(2) New housing sited in the tract would enable shorter commute distances for residents, relative to existing commute patterns and jobs-housing fit.
Sponsor

Sponsor

SB 902 defines a "transit-rich area" as "a parcel within one-half mile of a major transit stop, or a parcel on a high-quality bus corridor [as defined below] and a "major transit stop" means a site containing any of the following:

i) An existing rail or bus rapid transit station;
ii) A ferry terminal served by either a bus or rail transit service; or,
iii) The intersection of two or more major bus routes with a frequency of service interval of 15 minutes or less during the morning and afternoon peak commute periods.

The bill defines a "high-quality bus corridor" as one with "fixed route bus service that meets all of the following criteria [ultimately controlled in LB's case by LBTransit, whose non-elected board is chosen by Mayor Robert Garcia.]:

i) It has average service intervals of no more than 15 minutes during the three peak hours between 6 a.m. to 10 a.m., inclusive, and the three peak hours between 3 p.m. and 7 p.m., inclusive, on Monday through Friday;
ii) It has average service intervals of no more than 20 minutes during the hours of 6 a.m. to 10 a.m., inclusive, on Monday through Friday; and,
iii) It has average intervals of no more than 30 minutes during the hours of 8 a.m. to 10 p.m., inclusive, on Saturday and Sunday.

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/center>

"Urban infill site" means a site that satisfies all of the following:

i) A site that is a legal parcel or parcels located in a city if, and only if, the city boundaries include some portion of either an urbanized area or urban cluster, as designated by the United States Census Bureau (Census Bureau), or, for unincorporated areas, a legal parcel or parcels wholly within the boundaries of an urbanized area or urban cluster, as designated by the Census Bureau;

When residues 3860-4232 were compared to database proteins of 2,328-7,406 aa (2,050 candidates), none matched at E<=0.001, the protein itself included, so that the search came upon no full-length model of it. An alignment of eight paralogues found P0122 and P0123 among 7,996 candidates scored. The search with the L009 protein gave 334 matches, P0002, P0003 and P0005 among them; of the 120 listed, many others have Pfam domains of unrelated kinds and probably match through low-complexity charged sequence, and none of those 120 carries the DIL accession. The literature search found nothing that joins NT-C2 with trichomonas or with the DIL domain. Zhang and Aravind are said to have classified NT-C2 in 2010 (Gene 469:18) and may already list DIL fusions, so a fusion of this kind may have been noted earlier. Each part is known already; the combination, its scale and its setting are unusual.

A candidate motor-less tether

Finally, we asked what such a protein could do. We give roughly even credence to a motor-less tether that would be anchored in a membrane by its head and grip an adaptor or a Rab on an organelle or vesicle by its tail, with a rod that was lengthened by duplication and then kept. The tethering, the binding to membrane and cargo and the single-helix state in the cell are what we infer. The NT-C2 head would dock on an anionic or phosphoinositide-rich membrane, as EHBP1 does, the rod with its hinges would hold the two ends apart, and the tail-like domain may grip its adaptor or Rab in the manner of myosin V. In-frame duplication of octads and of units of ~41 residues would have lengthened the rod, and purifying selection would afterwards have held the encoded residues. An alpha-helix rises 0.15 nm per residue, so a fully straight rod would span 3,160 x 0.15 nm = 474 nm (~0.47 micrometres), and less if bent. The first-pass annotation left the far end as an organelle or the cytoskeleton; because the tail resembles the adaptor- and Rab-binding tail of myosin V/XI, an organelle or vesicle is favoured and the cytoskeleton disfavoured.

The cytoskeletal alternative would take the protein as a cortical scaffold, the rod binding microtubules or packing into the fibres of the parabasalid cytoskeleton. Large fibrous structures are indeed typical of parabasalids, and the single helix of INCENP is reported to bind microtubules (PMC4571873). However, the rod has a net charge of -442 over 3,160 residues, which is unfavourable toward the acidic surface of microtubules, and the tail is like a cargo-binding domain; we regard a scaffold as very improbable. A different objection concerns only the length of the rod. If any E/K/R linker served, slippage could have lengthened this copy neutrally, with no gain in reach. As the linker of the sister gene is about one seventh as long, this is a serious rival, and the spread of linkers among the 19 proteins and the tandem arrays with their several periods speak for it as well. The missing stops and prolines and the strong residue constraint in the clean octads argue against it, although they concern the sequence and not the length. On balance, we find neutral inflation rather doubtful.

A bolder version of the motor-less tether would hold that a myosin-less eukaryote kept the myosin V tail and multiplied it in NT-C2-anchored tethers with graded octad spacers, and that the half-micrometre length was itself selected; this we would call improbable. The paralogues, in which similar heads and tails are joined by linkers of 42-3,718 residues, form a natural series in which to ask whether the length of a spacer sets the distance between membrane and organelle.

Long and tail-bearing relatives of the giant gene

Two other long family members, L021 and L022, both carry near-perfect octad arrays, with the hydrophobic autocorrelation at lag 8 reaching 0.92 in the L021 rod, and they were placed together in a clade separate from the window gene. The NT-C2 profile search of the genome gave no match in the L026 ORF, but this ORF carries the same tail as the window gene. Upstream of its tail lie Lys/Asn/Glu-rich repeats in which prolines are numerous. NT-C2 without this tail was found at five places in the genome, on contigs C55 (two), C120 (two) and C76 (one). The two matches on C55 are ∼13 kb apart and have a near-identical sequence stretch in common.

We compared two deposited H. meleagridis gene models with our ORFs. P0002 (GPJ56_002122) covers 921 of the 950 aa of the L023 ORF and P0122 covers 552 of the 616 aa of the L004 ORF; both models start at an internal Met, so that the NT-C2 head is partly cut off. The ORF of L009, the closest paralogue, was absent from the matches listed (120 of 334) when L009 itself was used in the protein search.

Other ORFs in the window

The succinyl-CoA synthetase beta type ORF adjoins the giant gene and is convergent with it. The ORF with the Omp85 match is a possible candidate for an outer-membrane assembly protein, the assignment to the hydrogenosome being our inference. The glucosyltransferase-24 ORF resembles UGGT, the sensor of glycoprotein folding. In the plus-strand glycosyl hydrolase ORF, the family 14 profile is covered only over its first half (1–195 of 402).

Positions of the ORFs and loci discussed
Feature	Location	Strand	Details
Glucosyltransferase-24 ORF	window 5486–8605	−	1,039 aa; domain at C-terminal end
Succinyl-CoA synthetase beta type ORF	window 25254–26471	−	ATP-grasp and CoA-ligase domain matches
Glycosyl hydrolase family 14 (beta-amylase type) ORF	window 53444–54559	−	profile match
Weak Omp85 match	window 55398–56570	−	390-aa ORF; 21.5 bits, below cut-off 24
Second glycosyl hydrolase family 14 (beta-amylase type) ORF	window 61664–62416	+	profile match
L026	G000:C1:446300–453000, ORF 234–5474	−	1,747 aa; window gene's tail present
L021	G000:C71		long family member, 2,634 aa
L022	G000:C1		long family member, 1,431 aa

ii) A site in which at least 75% of the perimeter of the site adjoins parcels that are developed with urban uses. For the purposes of this provision, parcels that are only separated by a street or highway shall be considered to be adjoined; and,
iii) A site that is zoned for residential use or residential mixed-use development, or has a general plan designation that allows residential use or a mix of residential and nonresidential uses, with at least two-thirds of the square footage of the development designated for residential use.

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The Assembly Committee's staff analysis raises CEQA issues

...A number of stakeholders have raised concerns with exempting the zoning ordinances specified in this bill from CEQA. They argue that the CEQA exemption in this bill removes the ability of local governments to be fully informed of the ordinanceís potential environmental consequences. Without this review, a local government might not be properly informed of traffic impacts, air impacts, compatible use issues, or other environmental effects. They express concern that bypassing CEQA in this manner could create a liability for decision-makers. They also question whether it is appropriate for the public to live with the results of a zoning ordinance that might not have been fully vetted

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. .

The Committee analysis also notes that as written, a city could "zone for up to 10 units of housing on a site that was never planned or zoned for residential use (i.e., commercial, industrial, or agricultural) without any CEQA review of that zoning action. While it is unknown if or how many parcels in transit-rich or jobs rich areas are not already zoned for residential or residential mixed-use development, the Committee may wish to consider the potential outcomes of allowing zoning for up to 10 units of residential density in transit-rich or jobs-rich areas as those terms are defined in this bill."